Arthur Brisbane’s example-free critique

The New York Times’ new public editor, Arthur Brisbane, follows up his not-too-promising debut with a piece in which he expresses concern about analytical stories that straddle the line between news and opinion.

What’s odd about it is that though he quotes a variety of people on the subject, ranging from annoyed readers to Media Nation favorite Dan Gillmor, he only offers one partial example — a piece by an outside contributor, Jonathan Weber, who edits a non-profit news site in San Francisco called the Bay Citizen. Brisbane notes that Weber wrote about “‘vituperative’ union attacks and ‘scorched-earth’ tactics,” but he doesn’t tell us anything about the circumstances that led Weber to use such language.

Brisbane also cites a Matt Bai column about Kentucky Senate candidate Rand Paul Republican congressman Paul Ryan of Wisconsin, but fails to give us even a hint of what Bai wrote.

The Times links to the Weber and Bai columns, of course, but I’m not going to bother following those links. I want to know precisely why Brisbane is concerned about those columns, and since he doesn’t tell us, clicking isn’t going to help — I’d just be guessing. Besides, what about print readers? That’s how I first read the column, as the Sunday Times is one of our few remaining print indulgences.

In an age of information overload, it’s essential that quality papers such as the Times provide analysis, interpretation and context. Just-the-facts is no longer good enough, if it ever was. Some readers may be driven away by such an approach, but I suspect even more will be drawn in.

Is it possible to go too far with this approach? Sure. Did Weber and Bai go too far? I have no idea.

11 thoughts on “Arthur Brisbane’s example-free critique

  1. david wilson

    dan,

    i just read the Brisbane piece, and i agree wholeheartedly. It seems like he is just taking the critcism at face value and not exploring exactly what these writers wrote, and where they crossed the line, if in fact they did. He needs to show, not tell.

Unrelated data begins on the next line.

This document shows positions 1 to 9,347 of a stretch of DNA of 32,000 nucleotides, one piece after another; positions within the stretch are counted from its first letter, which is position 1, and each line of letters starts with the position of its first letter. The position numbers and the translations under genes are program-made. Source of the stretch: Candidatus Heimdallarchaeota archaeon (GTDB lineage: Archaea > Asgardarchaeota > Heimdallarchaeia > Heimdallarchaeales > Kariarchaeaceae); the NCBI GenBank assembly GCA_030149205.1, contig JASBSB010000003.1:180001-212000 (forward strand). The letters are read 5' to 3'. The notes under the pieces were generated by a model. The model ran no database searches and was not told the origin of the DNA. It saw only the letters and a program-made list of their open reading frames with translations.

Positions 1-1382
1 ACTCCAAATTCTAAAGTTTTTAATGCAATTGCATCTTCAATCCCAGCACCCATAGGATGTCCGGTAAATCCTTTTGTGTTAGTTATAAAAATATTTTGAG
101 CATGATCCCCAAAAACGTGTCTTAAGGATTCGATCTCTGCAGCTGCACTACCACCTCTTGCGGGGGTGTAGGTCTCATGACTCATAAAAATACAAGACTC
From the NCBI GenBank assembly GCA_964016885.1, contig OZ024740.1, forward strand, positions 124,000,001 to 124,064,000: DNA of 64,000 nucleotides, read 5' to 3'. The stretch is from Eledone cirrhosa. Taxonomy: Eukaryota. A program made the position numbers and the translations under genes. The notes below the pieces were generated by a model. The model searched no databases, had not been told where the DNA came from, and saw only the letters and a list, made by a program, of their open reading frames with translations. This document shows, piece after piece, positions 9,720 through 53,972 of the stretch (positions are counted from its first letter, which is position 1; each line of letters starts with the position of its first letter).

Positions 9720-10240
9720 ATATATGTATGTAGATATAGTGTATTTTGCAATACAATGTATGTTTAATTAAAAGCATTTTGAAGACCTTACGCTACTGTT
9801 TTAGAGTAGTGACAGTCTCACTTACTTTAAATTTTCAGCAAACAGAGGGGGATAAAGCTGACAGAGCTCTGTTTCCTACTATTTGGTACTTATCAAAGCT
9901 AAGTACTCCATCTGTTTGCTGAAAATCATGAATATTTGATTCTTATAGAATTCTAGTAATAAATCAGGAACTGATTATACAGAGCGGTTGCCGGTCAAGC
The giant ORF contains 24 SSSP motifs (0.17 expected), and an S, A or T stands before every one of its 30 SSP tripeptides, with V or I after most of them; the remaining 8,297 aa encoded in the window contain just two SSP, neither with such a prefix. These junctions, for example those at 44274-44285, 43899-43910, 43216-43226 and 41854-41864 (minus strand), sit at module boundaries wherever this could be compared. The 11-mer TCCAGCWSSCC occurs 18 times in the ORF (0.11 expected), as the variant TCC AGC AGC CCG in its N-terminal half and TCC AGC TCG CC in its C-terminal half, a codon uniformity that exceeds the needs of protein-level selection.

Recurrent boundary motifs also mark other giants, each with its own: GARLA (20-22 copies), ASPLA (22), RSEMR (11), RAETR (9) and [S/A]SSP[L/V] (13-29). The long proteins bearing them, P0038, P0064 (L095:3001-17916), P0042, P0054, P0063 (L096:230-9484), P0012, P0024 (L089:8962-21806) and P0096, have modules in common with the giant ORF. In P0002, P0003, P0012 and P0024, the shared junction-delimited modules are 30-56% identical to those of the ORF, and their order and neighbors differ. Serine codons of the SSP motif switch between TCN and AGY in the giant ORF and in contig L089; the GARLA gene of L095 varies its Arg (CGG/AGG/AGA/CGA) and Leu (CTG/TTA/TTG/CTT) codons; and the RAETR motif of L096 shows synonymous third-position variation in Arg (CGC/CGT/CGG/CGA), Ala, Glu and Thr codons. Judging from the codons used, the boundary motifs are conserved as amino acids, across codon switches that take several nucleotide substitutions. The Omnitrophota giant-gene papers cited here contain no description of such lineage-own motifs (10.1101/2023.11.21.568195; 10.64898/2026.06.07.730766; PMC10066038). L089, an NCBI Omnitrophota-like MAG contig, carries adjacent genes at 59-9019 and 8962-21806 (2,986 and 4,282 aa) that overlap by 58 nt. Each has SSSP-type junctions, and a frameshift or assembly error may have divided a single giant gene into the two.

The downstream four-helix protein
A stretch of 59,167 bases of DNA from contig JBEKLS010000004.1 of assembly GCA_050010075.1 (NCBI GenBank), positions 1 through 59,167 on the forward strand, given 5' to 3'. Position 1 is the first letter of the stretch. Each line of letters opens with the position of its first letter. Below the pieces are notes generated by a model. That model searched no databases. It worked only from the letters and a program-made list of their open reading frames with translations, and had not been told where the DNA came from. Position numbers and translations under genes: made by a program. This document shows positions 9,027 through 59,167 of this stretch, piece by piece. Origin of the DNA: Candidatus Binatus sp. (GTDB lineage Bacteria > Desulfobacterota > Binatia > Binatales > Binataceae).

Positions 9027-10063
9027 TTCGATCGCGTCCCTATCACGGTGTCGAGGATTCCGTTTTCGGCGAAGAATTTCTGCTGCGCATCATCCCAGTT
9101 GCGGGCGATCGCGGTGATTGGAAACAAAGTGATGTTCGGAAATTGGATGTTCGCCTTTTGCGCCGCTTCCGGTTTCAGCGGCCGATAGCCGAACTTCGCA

david wilson

  2. B.A. DuBois

    Yeah, I haven’t been too impressed either with his first attempts… I hope he get his mojo and starts really looking into issues.

    And I know ombuds are expensive but boy, the Globe sure could use one…

    1. Dan Kennedy

      @B.A.: Yes, ombuds are very expensive, but the Globe could consider an outside, unpaid person, possibly from academia. But not me!

  3. L.K. Collins

    A conspiracy to make the ombudsman position irrelevant and therefore expendable? Who knows.

    And Dan, many of your offerings are nothing but guesses, so why shouldn’t you do it here?

    Or maybe you shouldn’t do it elsewhere…

  4. Aaron Lester

    The Matt Bai column that Brisbane refers to is about Paul Ryan, Republican representative from Wisc., not Rand Paul of Kentucky.

  5. Bob Gardner

    Is this a problem with Brisbane’s writing or your reading? I read about this on Campaign Outsider this morning, and John Carroll not only seemed to understand
    Brisbane’s column, but to excerpt it in a way that seemed not only coherent, but pretty detailed.
    What’s not to understand?

    1. Dan Kennedy

      @Bob: Presumably you’ve read Brisbane’s column. Did he offer any examples of what he was concerned about or didn’t he? I’ll answer that: he didn’t. I’ll read John’s post later. I’m sure I’ll learn something from it. But if John’s got examples, then he dove into Bai’s and Weber’s columns himself, which is what Brisbane is getting paid to do.

    1. Dan Kennedy

      @Paul and @Margie: Thanks for your support. I would rather have a root canal than be anyone’s internal-affairs cop.

Comments are closed.